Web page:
Toronto is ramping up its cycling game.
Yesterday, the City of Toronto released the staff report Cycling Network Plan: 2022 Cycling Infrastructure Installation - First Quarter and 2021 ActiveTO Cycling Network Expansion Project Updates.
Appeasing the city’s growing number of cyclists -- especially at a time when many are returning to the office and gas prices remain sky-high -- the report outlines recommendations to grow, connect, and renew parts of Toronto’s cycling network. The move is aligned with the City Council’s TransformTO Climate Action Strategy and the Vision Zero Road Safety Plan, the City highlights.
According to a City-issued press release, the projects “take a complete street approach and include cycling, pedestrian, and motor vehicle safety improvements, including protected bikeways, curb extensions, new sidewalk installations, new signals, dedicated turn lanes, and other adjustments to motor vehicle lanes.”
Notably, the report recommends the installation of 10 kilometres of new bikeways and improvements on five kilometres of existing bikeways, where design and consultation have been completed. The projects are planned for installation from 2022 to 2024.
The report includes the following projects: Bartlett-Havelock-Gladstone Cycling Connections, College Street Upgrades, Douro-Wellington Cycling Connections, Knox Avenue Cycling Connections, Sentinel Road Safety Improvements, Steeles Avenue East Complete Street, The Queensway Complete Street, and Sheppard Avenue-Willowdale Avenue Road Resurfacing Opportunities.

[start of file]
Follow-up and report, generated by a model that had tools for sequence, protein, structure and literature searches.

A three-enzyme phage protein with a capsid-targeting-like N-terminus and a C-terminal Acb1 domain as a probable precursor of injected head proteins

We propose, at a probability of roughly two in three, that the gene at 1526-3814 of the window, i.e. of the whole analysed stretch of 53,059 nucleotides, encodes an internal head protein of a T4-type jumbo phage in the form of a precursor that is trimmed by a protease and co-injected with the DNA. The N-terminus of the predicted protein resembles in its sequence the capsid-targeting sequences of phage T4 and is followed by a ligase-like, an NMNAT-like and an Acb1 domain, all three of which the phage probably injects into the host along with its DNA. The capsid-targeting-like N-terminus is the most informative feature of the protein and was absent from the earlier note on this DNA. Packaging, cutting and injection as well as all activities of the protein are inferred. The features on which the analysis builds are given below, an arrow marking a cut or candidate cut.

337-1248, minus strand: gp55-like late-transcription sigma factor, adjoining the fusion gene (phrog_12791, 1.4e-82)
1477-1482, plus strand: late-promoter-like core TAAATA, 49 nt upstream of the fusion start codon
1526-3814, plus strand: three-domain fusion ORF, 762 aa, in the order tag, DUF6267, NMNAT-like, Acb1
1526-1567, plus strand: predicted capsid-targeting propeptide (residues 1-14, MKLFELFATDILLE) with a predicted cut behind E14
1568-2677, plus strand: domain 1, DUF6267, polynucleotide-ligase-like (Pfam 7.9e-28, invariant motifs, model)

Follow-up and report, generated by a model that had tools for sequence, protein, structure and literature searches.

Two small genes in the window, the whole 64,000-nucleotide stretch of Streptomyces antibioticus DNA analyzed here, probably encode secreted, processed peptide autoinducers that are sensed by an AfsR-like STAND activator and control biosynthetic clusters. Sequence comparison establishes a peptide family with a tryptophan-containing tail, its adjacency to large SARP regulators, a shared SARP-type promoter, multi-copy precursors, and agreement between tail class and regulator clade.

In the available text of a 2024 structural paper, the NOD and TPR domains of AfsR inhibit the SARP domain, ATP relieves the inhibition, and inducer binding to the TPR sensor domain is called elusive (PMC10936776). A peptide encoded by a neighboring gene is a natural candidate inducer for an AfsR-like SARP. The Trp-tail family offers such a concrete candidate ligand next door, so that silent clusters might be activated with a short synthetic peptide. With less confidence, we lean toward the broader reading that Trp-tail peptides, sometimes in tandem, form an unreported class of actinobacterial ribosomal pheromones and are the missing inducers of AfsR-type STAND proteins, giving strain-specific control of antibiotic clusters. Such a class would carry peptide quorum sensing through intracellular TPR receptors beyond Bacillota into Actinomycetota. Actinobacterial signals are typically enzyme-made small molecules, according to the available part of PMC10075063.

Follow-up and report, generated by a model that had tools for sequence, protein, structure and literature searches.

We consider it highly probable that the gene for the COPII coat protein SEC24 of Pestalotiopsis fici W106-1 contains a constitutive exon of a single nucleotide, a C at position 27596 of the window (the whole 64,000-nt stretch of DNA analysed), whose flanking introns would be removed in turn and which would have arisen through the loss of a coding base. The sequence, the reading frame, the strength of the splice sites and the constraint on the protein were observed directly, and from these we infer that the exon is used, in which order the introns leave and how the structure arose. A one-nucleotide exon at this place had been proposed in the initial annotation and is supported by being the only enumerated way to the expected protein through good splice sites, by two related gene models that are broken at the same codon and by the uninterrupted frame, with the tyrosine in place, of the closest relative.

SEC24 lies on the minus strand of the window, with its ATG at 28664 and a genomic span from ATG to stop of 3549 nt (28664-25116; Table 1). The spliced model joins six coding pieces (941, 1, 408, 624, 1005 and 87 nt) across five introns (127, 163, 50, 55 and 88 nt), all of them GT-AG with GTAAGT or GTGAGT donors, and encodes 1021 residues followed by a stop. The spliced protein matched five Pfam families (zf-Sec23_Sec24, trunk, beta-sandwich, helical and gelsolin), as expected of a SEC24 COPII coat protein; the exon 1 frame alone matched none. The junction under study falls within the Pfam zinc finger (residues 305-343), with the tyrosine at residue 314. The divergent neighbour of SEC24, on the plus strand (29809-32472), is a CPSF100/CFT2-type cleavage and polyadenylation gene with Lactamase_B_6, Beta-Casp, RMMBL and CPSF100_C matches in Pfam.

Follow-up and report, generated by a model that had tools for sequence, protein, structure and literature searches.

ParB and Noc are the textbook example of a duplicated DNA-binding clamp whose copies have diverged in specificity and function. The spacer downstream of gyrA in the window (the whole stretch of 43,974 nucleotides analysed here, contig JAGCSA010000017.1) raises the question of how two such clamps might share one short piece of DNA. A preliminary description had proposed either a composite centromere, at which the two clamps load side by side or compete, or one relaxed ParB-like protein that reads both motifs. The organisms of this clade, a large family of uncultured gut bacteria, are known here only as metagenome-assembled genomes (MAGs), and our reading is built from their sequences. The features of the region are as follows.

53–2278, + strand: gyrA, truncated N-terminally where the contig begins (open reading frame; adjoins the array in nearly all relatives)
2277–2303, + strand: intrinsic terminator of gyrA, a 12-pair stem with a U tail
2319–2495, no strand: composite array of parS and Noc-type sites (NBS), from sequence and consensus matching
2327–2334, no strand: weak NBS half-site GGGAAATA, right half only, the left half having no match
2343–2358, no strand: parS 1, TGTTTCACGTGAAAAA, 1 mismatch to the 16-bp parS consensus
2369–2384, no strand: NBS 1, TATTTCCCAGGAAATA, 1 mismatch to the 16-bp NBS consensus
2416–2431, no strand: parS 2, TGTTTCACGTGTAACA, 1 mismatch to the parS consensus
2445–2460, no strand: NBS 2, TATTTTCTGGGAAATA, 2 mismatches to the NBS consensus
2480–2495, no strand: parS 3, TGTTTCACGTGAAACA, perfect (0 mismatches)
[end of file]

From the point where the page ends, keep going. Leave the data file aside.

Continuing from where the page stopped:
The 2022 cycling infrastructure installation comes on the heels of the largest one-year expansion of Toronto’s bike network. According to the City, from 2019 to 2021, 65 kilometres of bikeways have been installed (including ActiveTO routes), as well as 47 kilometres of upgrades and enhancements to existing cycling routes.
While ActiveTO was introduced in May 2020 as a quick-start pandemic response program to offer temporary bike routes to get city residents outdoors, seven of the ActiveTO Cycling Network Expansion projects installed in 2020 were made permanent in December 2021. Two additional corridors were installed in 2021, Yonge Street from Davisville Avenue to Bloor Street and Bayview Avenue from River Street to Front Street East.
The report summarizes a preliminary evaluation of the two temporary ActiveTO Cycling Network Expansion projects on Midtown Yonge Street and Bayview Avenue East and recommends the temporary pilot periods be extended to July 2023. In advance of this date, the City’s Transportation Services Division will report to the Infrastructure and Environment Committee and City Council on additional data, evaluation, and recommendations on the future of the two temporary projects.
In a climate of increasing density with each shiny new condo, the return of the in-person office culture, and an unwillingness to part with the car (especially for those who moved outside of the city confines in the past two years) -- coupled with the return of the maddening traffic that plagued city streets pre-pandemic -- it's not surprising if Toronto drivers aren't thrilled with the news.
Whether more bike lanes -- for all of their undeniable benefits -- will help or hinder the city's logistical woes will remain to be seen.
In the meantime, the report will be considered by the Infrastructure and Environment Committee on Tuesday, March 29.